Another useful feature to consider by the desire for small video snapshot video numbers 2, 4 or 8 and in the creation of a single video need to start any new changes. I need immediately available during the day, most of the evening exchange with a new, full screen, ready with your friends.

T3i rebels also provides creative filters and boxes exactly the image you want. If you are white, black, fuzzy, miniatures, use toy house and fish-eye effect, you can now edit your photos directly from your camera without using a calculator. In addition, Intelligent Scene Recognition Auto calculates the scene looks, sounds, contrasts, and sunlight and improves your image to run on certain aspects, is no longer the production of useful Photoshop.

T3i interesting features with a Canon camera is ideal for beginners or for other employees. But the room looks like a lot of exciting things are, there is no need for anyone to manual inspection. Help function displays declaration T3i special configuration or advice. Therefore, attempts to images from many sources, the analysis of the conditions of experts or photography classes to consume. The border is very comfortable and innate and Quick Control screen displays to start a successful operation.

If you employed a person and simply decide not load photos onto your computer, do not worry that kind T3i Why do it for you. The camera uses SD Eye-Fi card, then you look at the camera connected to the computer and add your photos via a wireless connection.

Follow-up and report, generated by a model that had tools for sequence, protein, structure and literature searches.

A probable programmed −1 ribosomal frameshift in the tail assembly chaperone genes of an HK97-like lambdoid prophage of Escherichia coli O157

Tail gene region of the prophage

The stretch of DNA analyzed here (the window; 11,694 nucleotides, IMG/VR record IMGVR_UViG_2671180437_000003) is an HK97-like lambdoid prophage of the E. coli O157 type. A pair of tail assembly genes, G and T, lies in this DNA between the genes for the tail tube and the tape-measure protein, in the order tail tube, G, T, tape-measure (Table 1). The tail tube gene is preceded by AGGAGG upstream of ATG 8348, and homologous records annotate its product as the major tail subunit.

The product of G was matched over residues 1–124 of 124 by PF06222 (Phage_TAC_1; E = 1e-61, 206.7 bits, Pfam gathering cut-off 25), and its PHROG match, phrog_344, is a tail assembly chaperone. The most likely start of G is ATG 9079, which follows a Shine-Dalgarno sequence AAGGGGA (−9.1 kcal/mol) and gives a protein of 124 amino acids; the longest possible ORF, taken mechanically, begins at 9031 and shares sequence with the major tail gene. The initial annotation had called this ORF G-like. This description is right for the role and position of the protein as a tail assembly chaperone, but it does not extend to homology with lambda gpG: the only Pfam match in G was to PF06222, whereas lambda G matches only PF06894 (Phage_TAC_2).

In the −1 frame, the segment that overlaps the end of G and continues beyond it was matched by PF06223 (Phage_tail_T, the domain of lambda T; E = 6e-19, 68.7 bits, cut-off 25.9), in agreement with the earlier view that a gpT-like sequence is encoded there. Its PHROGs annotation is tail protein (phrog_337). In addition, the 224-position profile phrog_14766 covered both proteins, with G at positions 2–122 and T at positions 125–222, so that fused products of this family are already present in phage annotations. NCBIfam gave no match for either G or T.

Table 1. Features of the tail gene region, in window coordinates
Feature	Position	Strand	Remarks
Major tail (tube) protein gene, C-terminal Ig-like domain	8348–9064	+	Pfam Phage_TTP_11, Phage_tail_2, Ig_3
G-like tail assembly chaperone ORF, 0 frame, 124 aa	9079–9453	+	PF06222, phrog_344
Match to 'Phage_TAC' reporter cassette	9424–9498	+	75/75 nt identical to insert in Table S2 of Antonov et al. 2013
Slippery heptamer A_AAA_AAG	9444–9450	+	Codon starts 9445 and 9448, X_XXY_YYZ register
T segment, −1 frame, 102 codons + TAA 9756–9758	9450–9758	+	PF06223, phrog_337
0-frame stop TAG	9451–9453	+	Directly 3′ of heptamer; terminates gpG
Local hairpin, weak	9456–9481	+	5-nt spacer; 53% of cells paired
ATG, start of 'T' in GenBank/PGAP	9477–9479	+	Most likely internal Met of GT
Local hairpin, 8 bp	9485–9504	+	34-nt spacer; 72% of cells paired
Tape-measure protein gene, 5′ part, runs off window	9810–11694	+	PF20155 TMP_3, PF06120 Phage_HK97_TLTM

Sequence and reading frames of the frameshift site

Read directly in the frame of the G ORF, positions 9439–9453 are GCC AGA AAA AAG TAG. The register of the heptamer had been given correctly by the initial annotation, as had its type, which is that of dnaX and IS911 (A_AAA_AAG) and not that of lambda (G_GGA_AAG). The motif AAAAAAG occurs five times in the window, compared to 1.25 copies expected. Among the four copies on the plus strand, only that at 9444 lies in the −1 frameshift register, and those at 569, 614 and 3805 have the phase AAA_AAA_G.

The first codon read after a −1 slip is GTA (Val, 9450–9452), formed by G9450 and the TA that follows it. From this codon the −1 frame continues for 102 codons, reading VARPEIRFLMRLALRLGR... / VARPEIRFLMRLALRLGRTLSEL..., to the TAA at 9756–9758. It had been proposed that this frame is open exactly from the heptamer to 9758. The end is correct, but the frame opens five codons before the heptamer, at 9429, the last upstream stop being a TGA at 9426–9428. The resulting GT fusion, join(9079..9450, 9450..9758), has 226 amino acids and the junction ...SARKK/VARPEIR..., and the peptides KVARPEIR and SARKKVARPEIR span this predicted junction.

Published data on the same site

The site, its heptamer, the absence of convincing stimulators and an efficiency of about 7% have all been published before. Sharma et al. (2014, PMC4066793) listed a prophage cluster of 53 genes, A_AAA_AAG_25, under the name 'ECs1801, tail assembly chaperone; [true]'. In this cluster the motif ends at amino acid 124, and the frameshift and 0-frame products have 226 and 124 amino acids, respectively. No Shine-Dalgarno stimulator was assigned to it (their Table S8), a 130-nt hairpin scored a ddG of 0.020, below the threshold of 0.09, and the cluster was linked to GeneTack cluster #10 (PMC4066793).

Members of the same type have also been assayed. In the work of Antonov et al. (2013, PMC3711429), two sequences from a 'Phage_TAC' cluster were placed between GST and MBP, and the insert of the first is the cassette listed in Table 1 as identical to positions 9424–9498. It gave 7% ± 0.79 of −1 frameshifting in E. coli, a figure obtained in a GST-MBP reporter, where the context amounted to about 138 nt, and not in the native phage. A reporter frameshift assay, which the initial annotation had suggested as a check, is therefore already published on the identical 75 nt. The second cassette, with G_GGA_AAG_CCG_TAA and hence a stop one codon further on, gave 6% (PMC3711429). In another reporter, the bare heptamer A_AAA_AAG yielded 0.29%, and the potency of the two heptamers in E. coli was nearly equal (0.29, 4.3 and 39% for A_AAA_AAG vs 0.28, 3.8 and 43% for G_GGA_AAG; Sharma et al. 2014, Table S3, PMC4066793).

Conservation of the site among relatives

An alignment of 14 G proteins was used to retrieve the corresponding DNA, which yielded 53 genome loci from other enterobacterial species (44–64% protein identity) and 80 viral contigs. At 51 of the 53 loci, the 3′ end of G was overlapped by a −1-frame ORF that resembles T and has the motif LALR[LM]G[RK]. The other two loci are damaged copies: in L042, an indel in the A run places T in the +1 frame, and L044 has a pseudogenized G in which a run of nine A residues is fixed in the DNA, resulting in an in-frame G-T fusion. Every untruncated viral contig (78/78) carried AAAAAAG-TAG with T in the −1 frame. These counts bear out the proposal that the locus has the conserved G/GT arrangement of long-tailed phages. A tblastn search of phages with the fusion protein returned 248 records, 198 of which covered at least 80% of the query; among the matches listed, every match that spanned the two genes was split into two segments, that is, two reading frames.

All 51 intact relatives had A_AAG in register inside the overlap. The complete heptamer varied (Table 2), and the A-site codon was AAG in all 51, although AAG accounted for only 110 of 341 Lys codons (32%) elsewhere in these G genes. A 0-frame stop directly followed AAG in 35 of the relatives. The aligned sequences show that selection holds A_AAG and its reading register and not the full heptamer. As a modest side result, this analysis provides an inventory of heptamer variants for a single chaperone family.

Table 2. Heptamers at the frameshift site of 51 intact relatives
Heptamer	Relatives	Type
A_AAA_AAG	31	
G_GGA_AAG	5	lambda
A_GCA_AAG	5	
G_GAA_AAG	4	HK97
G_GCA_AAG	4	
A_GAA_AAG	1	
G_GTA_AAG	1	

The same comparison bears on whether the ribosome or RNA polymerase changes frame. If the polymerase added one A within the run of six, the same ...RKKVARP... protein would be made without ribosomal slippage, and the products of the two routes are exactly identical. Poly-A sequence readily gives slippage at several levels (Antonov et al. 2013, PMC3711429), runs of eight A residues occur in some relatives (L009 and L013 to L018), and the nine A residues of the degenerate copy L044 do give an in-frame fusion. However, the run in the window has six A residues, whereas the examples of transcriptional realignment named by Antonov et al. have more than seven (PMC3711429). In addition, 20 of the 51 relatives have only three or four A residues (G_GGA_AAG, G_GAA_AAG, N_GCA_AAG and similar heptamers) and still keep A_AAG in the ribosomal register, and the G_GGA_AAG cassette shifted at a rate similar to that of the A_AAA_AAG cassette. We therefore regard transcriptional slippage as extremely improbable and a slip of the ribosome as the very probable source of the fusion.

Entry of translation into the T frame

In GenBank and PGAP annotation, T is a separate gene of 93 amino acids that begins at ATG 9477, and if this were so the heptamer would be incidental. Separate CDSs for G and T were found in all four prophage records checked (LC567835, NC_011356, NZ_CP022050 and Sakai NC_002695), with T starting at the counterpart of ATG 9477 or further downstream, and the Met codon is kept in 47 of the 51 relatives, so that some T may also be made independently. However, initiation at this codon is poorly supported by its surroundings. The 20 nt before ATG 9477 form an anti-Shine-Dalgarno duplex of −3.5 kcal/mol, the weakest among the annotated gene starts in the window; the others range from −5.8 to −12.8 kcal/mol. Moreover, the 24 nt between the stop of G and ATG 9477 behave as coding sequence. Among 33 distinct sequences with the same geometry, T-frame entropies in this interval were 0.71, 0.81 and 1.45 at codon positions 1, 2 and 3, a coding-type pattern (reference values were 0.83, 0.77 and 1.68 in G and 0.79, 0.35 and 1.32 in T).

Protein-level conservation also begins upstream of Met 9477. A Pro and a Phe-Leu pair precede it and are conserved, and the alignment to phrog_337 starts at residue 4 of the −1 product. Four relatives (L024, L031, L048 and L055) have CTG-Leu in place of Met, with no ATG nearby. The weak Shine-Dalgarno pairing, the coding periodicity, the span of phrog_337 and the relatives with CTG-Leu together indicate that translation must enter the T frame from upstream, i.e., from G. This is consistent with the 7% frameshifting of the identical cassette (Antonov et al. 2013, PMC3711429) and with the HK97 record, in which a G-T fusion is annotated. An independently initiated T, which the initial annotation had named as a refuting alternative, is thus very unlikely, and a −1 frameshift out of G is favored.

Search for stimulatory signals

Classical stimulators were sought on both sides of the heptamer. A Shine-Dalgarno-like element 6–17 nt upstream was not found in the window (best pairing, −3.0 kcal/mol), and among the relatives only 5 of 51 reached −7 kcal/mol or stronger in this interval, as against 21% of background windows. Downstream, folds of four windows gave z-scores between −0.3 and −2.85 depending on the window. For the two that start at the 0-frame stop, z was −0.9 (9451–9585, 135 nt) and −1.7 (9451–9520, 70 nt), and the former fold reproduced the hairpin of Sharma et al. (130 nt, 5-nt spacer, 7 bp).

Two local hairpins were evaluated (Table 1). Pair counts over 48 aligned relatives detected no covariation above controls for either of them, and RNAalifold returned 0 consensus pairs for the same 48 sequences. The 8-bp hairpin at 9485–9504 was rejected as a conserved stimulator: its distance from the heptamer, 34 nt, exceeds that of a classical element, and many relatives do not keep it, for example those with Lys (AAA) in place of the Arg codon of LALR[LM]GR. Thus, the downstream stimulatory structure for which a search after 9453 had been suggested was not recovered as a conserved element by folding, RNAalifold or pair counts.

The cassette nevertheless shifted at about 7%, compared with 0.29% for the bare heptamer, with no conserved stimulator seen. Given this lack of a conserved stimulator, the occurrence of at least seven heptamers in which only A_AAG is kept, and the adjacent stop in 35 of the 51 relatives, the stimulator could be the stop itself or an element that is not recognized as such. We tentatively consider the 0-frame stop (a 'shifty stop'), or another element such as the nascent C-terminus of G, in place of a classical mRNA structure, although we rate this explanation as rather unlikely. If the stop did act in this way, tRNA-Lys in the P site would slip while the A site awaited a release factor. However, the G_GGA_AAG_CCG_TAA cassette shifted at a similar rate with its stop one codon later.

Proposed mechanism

As you have seen, is a new Canon Rebel is a sturdy material to use for the excellent pictures useful even if you're not an expert in photography.

Thursday, June 2, 2011

Canon T3i Deal - What Makes The Best Canon T3i Deal

Even if we do not plan to be a professional photographer, there is a really great reason why we buy a new SLR digital camera (for instance, a Canon EOS Rebel T3i). We will discuss here what makes the canon t3i review.

The keyword for Canon EOS Rebel t3i in Detail View In that version, canon has added several features to an already great package making the great canon t3i deal especially if all your life you have never handled an SLR digital camera.

Certainly the twofold is the first place on why people should buy a DSLR. Superior picture quality is what you can expect when compared to most shoot and point cameras. Next, you will get the flexibility of interchangeable lenses in order to get the ideal equipment for each situation a reality.

When you are taking a look at the inner parts of the camera, your amazement will still carry on. This camera has used the most modern and sophisticated technology. Although you are a beginner in photography, you will be able to capture high quality pictures. All operations of this camera are very easy, simple, and fast.

The same technology including basic stuff such as image processor and sensor are available in both canon T2i and T3i. With the exception of the LCD screen, the basics have not been improved measurably. Rather than a fixed panel, the LCD of canon T3i is now a swivel-type panel one.